In response, the State argued to the trial court that collateral estoppel did not apply because Appellant was tried for allegedly committing aggravated assault against Justin, and Appellant's defensive theory-defense of a third party-related to whether Appellant was justified in his use of force specifically against Justin. The instant case, the State argued, involved a different issue because the alleged victim, and the person against whom Appellant's use of force was directed, was Joe, a completely different person; thus, a jury decision that Appellant was justified in using force against Justin was not a decision that Appellant was justified in using force against Joe. Deciding the matter on the arguments of counsel, the trial court agreed with the State and denied Appellant's pre-trial application for writ of habeas corpus. The case proceeded to trial, the jury was unable to reach a verdict, and a mistrial was declared.

         Appellant appealed the denial of his pre-trial habeas application, and the court of appeals held that Appellant's prosecution for aggravated assault as to Joe was collaterally estopped. Ex parte Adams, ___S.W.3d___, No. 11-17-00332-CR, 2018 WL 2994360 at *4 (Tex. App.-Eastland June 14, 2018). The court of appeals reversed the trial court's denial of Appellant's pre-trial habeas application and remanded with instructions to the trial court to grant habeas relief. Id. at *4. The State petitioned this Court for discretionary review, asking:

When a defendant is acquitted on a defense of a third person theory after stabbing a person engaged in a fight with a friend, does the collateral estoppel component of the Double Jeopardy Clause as articulated in Ashe v. Swenson and this Court's opinions bar his subsequent prosecution for stabbing another person who was not fighting?

         We find that Appellant's subsequent prosecution is not barred by collateral estoppel. Appellant's acquittal in the first trial was based on a defense specific to Justin Romero, and the issue of whether Appellant was justified in his use of force against Joe Romero, who was not fighting Hisey, was not necessarily decided by the jury in the first trial such that it is now subject to collateral estoppel.

         II - Double Jeopardy and Collateral Estoppel

         The Double Jeopardy Clause of the Fifth Amendment provides that no person shall be "subject for the same offence to be twice put in jeopardy of life or limb." U.S. Const. amend. V. This clause protects against: (1) a second prosecution for the same offense after acquittal; (2) a second prosecution for the same offense after conviction; and (3) multiple punishments for the same offense. North Carolina v. Pearce, 395 U.S. 711, 717 (1969); Aekins v. State, 447 S.W.3d 270, 274 (Tex. Crim. App. 2014).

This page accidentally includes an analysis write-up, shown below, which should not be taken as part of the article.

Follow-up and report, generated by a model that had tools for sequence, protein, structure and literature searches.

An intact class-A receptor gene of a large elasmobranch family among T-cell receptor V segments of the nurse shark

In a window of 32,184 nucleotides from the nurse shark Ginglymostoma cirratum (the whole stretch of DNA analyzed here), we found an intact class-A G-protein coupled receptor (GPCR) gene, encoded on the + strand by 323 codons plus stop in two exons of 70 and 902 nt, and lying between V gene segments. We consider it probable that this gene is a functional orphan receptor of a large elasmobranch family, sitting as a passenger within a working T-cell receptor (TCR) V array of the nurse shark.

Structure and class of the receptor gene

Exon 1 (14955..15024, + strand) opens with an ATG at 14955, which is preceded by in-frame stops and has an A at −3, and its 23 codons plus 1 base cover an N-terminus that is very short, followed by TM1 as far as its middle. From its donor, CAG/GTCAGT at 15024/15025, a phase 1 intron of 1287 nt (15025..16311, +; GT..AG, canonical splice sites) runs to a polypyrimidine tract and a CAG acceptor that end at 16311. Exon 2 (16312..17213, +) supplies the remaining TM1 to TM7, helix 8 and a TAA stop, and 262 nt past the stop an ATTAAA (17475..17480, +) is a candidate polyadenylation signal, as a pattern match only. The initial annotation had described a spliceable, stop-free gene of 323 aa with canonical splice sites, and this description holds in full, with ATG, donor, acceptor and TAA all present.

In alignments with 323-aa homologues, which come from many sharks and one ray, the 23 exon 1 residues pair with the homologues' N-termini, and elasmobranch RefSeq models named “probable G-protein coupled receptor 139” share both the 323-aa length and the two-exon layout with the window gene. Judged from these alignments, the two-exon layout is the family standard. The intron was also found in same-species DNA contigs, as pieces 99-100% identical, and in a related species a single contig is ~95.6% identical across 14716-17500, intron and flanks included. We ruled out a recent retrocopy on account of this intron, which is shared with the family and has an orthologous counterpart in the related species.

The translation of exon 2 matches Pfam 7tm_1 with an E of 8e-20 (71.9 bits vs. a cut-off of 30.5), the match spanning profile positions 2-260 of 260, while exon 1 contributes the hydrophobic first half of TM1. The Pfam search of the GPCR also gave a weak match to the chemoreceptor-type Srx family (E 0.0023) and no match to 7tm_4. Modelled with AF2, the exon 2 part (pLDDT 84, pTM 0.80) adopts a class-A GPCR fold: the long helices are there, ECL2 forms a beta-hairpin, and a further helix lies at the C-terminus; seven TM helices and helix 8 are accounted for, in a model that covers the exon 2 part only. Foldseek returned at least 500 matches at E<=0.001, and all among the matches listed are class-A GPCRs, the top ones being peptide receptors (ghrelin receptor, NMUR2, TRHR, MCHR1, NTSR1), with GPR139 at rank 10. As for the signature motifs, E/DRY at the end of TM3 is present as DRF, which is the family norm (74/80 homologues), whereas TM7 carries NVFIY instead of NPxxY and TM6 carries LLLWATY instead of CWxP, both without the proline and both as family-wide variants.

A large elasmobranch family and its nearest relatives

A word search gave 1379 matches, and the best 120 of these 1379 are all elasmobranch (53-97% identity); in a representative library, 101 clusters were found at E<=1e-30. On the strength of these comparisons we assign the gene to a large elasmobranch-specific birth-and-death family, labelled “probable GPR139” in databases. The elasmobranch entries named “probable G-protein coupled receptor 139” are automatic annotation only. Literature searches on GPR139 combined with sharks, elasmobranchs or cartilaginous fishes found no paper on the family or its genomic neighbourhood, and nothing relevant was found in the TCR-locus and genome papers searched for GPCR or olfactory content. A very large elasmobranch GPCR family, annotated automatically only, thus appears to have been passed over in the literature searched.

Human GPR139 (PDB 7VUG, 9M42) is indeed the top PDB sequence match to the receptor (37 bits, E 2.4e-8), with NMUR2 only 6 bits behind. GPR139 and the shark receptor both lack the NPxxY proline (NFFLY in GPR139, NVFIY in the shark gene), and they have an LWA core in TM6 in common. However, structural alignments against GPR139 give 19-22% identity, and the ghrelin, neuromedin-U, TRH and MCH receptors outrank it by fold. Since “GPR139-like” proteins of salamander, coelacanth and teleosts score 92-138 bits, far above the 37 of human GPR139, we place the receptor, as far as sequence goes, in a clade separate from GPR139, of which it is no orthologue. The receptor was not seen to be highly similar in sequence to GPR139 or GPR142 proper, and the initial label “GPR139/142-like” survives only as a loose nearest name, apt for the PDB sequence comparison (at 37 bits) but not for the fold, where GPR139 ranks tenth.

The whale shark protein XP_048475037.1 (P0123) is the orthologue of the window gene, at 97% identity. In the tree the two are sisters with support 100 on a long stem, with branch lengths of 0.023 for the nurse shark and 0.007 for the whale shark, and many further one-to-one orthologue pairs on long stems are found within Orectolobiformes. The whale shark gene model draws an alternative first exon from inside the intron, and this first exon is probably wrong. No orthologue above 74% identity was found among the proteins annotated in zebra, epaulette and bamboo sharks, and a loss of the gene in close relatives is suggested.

In Ashe v. Swenson, the Supreme Court recognized that the Fifth Amendment guarantee against double jeopardy also embodies the principle of collateral estoppel as a constitutional requirement. Ashe v. Swenson, 397 U.S. 436, 445 (1970). In Ashe, the evidence showed that three or four masked men robbed six men playing poker. Id. at 437. Ashe was put on trial for robbing one of the poker players, but the jury found Ashe "not guilty due to insufficient evidence." Id. at 439. The State of Missouri then put Ashe on trial a second time for the robbery of one of the other poker players, and the second jury found Ashe guilty. Id. at 439-40. The Supreme Court determined that, at the first trial, the "single rationally conceivable issue in dispute before the jury was whether [Ashe] had been one of the robbers." Id. at 445. This was so because the first jury could not have rationally found, from the record of the first trial, that the robbery did not occur or that the victim named in the first trial was not a victim of that robbery. Id.; see also id. at 438 ("The proof that an armed robbery had occurred . . . was unassailable."). Missouri was therefore barred by the doctrine of collateral estoppel from trying Ashe for the robbery of any of the other poker players, because identity would be an ultimate issue in each such trial and Ashe had already been acquitted of being one of the robbers. Id. at 446.

         In holding that Missouri was barred from prosecuting Ashe a second time, the Supreme Court stated that "[f]or whatever else that constitutional guarantee [against double jeopardy] may embrace, it surely protects a man who has been acquitted from having to 'run the gauntlet' a second time." Id. at 445-46. Collateral estoppel "stands for an extremely important principle . . . when an issue of ultimate fact has once been determined by a valid and final judgment, that issue cannot again be litigated between the same parties in any future lawsuit." Id. at 443.

Thus, as we explained in Rollerson:
[U]nder the collateral-estoppel component of double jeopardy, the government may not litigate a specific elemental fact to a competent factfinder (judge or jury), receive an adverse finding by that factfinder on the specific fact, learn from its mistakes, hone its prosecutorial performance, and relitigate that same factual element that the original factfinder had already decided against the government.

Rollerson v. State, 227 S.W.3d 718, 730 (Tex. Crim. App. 2007); Ashe, 397 U.S. at 447 ("'No doubt the prosecutor felt the state had a provable case on the first charge and, when he lost, he did what every good attorney would do-he refined his presentation in light of the turn of events at the first trial.' But this is precisely what the constitutional guarantee forbids.").

In applying the doctrine of collateral estoppel, courts must first determine whether the jury determined a specific fact, and if so, how broad-in terms of time, space and content-was the scope of its finding. Before collateral estoppel will apply to bar relitigation of a discrete fact, that fact must necessarily have been decided in favor of the defendant in the first trial.

Ex parte Watkins, 73 S.W.3d 264, 268 (Tex. Crim. App. 2002) (emphasis added); see also Rollerson, 227 S.W.3d at 731 ...

Buy This Entire Record For $7.95

Download the entire decision to receive the complete text, official citation,
docket number, dissents and concurrences, and footnotes for this case.

Learn more about what you receive with purchase of this case.